Can you talk about some of the advice you’ve given Bill Haslam?
He and I have talked a number of times since he was elected — in fact, the first two days after he was elected I spent half the day with him each day. We’ve talked about — and I certainly don’t want to be sitting here pontificating about how you be governor or something like that, I’ve more invited questions — he’s asked me a lot. I’d say he’s asked a lot of questions about things, and I’ve tried to respond. Some of the stuff he’s taken and gone with, and others he said he’d do it some other way.
Where he’s very involved right now is in making personnel decisions. And we’ve had a lot of conversations about what kind of a person will work best in this commissioner’s slot or what’s the reailty of what the deputy gobernor does as compared to what the chief financial officer does, those kinds of things.
Certainly, in terms of advice, I told him on choosing people that that’s worth a lot of time and attention, because state government is such a big and sprawling thing, most of these people are going to be out there working away without you having any idea of what they’re doing day to day, so you really need people …
I will say, in the case of Bill Haslam, he came to see me before he ran for mayor of Knoxville, we had a long lunch together. And then he came to talk to me a couple of times when he was thinking about running for governor — I talked to a number of people who were doing that — and one thing I was always very impressed with with him was, his questions were about the job and how to do it, not about politics or how do I get elected or these kinds of things. I always thought that was a healthy way, he really was thinking about how to do the job.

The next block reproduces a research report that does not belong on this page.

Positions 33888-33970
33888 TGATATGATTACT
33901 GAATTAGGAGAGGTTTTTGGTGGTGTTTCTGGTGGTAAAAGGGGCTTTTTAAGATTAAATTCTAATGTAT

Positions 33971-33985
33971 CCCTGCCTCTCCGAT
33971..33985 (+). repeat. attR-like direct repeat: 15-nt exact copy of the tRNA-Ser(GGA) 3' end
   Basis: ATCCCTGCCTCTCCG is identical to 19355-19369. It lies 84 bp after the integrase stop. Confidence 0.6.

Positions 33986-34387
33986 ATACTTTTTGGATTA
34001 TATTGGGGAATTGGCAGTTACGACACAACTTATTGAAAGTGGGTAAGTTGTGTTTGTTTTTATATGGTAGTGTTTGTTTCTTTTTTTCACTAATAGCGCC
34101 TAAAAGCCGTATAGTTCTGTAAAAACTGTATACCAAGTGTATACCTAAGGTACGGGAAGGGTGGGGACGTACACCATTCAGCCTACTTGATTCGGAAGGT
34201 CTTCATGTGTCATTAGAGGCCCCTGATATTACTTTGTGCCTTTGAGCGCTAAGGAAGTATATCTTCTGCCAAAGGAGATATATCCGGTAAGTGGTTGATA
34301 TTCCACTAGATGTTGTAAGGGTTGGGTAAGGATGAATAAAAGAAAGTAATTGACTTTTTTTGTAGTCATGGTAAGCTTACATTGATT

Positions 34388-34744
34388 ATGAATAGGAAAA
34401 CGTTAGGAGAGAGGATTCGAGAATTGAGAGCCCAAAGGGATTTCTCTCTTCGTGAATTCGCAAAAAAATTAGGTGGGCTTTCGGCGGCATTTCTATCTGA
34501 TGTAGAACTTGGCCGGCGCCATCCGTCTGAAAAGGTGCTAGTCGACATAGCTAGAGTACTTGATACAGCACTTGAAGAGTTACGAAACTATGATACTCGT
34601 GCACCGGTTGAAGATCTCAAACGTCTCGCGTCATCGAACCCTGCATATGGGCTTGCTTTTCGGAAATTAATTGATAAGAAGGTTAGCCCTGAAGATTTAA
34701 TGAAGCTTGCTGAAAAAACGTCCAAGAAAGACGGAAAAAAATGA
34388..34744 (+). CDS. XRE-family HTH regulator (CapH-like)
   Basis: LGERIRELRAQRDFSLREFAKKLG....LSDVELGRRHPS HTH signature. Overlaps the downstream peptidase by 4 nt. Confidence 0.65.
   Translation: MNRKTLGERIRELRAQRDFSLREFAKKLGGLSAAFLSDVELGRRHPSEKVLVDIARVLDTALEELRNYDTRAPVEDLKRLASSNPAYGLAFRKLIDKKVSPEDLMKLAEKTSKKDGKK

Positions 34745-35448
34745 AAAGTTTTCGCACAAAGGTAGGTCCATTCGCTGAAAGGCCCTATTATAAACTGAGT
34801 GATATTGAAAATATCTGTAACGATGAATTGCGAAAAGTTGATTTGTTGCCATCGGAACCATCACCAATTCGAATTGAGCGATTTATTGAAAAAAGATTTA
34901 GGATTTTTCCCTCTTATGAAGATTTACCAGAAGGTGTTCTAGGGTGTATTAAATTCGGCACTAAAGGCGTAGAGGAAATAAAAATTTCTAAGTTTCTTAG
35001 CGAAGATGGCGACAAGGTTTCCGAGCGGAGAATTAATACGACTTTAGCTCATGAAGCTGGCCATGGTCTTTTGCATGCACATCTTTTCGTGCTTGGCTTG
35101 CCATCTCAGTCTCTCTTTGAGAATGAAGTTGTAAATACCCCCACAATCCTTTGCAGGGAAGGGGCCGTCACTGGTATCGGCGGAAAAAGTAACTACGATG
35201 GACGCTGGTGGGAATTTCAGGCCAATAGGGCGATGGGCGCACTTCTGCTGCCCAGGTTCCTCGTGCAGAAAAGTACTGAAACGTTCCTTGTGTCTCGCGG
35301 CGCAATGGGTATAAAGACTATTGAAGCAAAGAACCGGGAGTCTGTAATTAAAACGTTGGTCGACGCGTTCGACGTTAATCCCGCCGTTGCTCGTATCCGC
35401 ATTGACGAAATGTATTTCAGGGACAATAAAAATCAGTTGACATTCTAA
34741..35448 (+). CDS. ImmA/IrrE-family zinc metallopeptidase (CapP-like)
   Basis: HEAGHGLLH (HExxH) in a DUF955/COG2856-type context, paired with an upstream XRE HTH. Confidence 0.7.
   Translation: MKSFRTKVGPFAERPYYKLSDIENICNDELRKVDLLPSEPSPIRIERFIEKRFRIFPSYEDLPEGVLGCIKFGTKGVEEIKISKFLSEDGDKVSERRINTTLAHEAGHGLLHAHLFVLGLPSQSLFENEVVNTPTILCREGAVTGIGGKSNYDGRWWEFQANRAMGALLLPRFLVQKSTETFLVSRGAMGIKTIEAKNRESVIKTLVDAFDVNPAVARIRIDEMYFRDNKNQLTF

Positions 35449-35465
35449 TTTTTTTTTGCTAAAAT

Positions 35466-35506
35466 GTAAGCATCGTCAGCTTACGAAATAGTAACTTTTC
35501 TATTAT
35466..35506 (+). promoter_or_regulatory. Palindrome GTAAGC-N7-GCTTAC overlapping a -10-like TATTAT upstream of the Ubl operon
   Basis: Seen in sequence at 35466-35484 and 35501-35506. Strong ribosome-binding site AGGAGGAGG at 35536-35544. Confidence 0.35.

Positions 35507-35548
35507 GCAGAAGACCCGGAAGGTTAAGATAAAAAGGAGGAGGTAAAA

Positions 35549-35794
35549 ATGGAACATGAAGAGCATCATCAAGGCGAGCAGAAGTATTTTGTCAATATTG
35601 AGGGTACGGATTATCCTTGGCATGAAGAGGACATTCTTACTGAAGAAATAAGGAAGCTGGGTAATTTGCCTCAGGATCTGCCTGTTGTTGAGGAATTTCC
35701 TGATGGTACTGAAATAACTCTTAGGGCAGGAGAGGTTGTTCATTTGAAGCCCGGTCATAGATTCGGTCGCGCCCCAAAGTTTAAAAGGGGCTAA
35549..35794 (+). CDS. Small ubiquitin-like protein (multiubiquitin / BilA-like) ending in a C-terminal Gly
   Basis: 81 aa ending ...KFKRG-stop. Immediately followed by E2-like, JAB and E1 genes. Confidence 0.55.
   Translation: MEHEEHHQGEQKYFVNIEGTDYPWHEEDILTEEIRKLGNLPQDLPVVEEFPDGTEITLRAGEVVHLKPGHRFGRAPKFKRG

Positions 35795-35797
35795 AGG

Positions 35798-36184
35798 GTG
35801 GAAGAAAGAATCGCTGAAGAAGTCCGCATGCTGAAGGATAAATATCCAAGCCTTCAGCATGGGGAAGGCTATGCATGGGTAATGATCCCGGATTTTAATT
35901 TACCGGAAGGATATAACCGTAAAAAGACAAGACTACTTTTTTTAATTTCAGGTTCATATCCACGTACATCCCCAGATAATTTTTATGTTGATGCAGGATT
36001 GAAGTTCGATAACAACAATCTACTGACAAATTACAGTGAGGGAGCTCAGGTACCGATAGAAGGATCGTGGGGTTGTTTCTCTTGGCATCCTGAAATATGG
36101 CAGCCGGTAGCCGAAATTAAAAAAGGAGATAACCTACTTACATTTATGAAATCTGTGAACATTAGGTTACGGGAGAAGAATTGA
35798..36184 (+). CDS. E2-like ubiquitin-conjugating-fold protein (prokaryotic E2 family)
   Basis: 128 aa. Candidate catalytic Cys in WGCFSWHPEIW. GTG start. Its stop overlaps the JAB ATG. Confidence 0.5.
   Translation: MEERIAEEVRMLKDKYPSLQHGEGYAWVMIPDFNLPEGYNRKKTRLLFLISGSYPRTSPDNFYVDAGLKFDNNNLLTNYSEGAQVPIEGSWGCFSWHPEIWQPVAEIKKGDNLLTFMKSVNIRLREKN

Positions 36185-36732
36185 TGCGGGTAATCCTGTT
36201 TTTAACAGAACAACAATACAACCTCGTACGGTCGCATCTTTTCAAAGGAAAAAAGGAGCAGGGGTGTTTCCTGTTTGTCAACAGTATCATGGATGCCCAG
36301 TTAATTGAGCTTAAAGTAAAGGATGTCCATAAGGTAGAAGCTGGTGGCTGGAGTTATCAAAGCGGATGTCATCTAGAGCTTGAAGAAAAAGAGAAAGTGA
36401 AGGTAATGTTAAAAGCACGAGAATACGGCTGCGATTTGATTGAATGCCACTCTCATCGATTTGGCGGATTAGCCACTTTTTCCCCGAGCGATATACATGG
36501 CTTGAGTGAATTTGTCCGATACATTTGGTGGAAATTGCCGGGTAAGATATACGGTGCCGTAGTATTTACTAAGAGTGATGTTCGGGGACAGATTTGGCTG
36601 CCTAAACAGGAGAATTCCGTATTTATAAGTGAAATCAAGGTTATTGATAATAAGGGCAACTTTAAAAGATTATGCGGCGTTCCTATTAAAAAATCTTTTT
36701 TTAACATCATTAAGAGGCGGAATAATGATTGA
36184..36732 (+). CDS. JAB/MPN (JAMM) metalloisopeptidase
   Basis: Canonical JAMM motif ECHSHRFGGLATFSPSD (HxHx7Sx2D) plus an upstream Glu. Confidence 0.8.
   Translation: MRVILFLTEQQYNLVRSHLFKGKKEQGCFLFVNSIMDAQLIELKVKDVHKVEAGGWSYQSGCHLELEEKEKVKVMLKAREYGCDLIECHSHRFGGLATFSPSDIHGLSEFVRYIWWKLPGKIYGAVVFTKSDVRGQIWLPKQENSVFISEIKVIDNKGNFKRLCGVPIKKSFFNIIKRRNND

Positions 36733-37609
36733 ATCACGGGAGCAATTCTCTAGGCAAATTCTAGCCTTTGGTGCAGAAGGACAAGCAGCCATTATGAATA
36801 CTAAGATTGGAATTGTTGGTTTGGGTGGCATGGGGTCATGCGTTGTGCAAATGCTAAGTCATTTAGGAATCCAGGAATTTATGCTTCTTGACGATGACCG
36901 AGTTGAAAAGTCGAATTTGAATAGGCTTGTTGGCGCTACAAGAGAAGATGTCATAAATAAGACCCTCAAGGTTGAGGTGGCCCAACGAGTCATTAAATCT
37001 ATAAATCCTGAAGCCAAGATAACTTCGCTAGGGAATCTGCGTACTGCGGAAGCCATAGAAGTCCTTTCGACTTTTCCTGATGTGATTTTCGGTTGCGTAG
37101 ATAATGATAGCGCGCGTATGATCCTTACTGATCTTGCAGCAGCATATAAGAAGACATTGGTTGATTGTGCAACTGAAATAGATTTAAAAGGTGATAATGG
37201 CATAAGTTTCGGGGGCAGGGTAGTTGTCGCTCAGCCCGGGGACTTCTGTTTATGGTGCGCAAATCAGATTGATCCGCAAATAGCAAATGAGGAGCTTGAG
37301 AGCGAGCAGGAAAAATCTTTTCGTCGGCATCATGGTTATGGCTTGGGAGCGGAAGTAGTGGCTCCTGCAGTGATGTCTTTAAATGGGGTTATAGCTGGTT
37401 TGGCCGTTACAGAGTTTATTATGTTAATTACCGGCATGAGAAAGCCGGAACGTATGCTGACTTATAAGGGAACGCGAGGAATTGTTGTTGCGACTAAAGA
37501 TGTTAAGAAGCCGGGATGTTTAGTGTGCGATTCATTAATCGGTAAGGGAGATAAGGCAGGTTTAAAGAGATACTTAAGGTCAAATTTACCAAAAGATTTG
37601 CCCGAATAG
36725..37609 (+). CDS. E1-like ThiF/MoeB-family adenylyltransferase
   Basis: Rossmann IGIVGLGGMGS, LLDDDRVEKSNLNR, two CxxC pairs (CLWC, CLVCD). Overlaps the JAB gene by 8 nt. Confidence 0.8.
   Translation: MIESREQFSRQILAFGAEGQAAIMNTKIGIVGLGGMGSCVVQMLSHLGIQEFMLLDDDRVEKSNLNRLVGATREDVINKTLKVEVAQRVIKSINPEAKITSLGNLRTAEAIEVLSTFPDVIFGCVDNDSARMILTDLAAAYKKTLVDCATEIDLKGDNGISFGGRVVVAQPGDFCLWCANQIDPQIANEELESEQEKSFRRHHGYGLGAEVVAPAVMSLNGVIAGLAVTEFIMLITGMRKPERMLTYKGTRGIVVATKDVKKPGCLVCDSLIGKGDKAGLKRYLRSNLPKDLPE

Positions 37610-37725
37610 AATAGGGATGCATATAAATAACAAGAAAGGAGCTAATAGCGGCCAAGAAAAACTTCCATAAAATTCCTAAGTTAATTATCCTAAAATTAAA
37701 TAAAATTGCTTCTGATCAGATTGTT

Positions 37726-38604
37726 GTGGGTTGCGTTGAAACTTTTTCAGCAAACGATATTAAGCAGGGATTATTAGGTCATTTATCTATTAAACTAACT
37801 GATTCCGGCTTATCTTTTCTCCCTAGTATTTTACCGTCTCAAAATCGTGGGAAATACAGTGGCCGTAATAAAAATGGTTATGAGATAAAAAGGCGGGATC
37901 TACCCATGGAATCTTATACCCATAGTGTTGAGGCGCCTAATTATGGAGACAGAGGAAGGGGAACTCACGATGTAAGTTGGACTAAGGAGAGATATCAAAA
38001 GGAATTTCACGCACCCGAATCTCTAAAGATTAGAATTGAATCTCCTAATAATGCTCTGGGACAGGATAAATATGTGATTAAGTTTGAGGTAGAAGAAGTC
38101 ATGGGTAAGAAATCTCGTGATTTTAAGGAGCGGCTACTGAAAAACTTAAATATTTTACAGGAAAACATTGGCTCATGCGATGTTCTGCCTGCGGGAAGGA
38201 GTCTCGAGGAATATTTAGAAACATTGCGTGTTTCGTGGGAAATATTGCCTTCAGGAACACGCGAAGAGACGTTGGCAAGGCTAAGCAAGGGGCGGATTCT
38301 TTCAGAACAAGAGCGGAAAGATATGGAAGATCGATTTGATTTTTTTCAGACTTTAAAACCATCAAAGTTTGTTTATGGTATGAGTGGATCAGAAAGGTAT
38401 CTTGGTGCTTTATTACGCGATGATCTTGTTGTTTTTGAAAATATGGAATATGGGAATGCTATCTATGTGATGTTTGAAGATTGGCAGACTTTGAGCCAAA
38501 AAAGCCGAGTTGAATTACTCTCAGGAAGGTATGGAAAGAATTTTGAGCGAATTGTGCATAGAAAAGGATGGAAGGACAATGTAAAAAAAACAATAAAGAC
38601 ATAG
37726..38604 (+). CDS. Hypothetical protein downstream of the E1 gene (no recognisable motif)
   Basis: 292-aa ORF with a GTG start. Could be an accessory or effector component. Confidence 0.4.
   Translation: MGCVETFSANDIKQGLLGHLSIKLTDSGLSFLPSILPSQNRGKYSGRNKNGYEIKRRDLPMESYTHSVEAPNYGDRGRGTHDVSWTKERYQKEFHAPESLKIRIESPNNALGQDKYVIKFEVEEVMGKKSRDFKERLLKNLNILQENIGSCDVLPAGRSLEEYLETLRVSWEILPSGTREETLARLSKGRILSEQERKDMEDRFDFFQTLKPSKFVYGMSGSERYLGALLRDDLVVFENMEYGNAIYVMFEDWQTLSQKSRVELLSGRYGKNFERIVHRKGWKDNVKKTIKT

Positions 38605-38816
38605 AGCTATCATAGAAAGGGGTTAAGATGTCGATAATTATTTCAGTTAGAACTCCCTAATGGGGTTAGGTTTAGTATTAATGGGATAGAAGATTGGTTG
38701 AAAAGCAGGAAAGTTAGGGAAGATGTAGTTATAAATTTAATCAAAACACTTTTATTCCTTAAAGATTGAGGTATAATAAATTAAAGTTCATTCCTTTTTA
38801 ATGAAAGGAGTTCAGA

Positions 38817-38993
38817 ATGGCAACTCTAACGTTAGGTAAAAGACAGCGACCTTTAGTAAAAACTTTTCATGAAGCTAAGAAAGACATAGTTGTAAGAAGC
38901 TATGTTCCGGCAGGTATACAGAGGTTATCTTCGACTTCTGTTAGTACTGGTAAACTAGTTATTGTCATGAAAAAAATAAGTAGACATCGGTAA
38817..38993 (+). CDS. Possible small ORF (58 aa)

What’s your pie-in-the-sky fix for TennCare?
Oh, some sort of national health program. I really don’t think that the health care problem is solvable at the state level. If you do a really broad, attractive system, you do what TennCare did, if you lived in a surrounding state and had a serious medical problem, you were out of your mind not to move to Tennessee. It’s got to be something which is more universal in its form. We didn’t have the ability, either legally or the size of the business, to really negotiate with drug companies and all those kinds of things. But I think it’s got to be done. It’s got to be done nationally.
I very much would like to get out of the business of, there’s a health care program for the poor, there’s a health care program for the others, and Medicaid.
On his legacy:
What do you think your legacy will be here? This is the end of obviously two terms as governor, but also 16 years of public service in which you’ve had a huge effect.
I hope that people will see the legacy as starting to change and move the expectations people have of what can be accomplished in this state, what their kids can do if they’re in some of these rural areas, and just this sense of higher expectations.
I grew up in a very small town. I would say when I went off to college, I had certainly never met anybody famous, I had never met anybody in elected office higher than the mayor of the 1,100-population Shortsville [N.Y.], which is an unpaid part-time job. There were a lot of things that Harvard did for me, but the largest one was probably having a chance to meet some people who really were making a difference and figuring out that they weren’t any different from me. They were not somebody who you’ve looking at through a long spyglass and thinking I could never aspire to — I see the same thing goes on in some of these inner-city areas here, the biggest problem some of these kids have is they just can’t see themselves, just what’s going on across the river is just so far from their experience.
I always tell people one of the most important things you can do is just give them some experience. I love going out and talking to kids, I’ve done a lot of that. And you hope that one of the things that’s happening is you sit there and look at somebody, he’s the governor of the state and all this stuff, and really he’s not any smarter than I am, he’s not any better looking than I am — he’s probably worse-looking. But you just sort of see somebody, you see them as a human being, and you think this is within the scope of what I can do.
In a way it’s that same thing playing out in politics. You just want to say to people, “You know, you’ve got all the pieces here in Tennessee to do whatever you want in this country." You don’t need to be second to anybody if you just start thinking of yourselves — whether it be through Race to the Top in education or what we can do in conservation or the kinds of businesses we can get here — that’s what I really hope to have begun to change.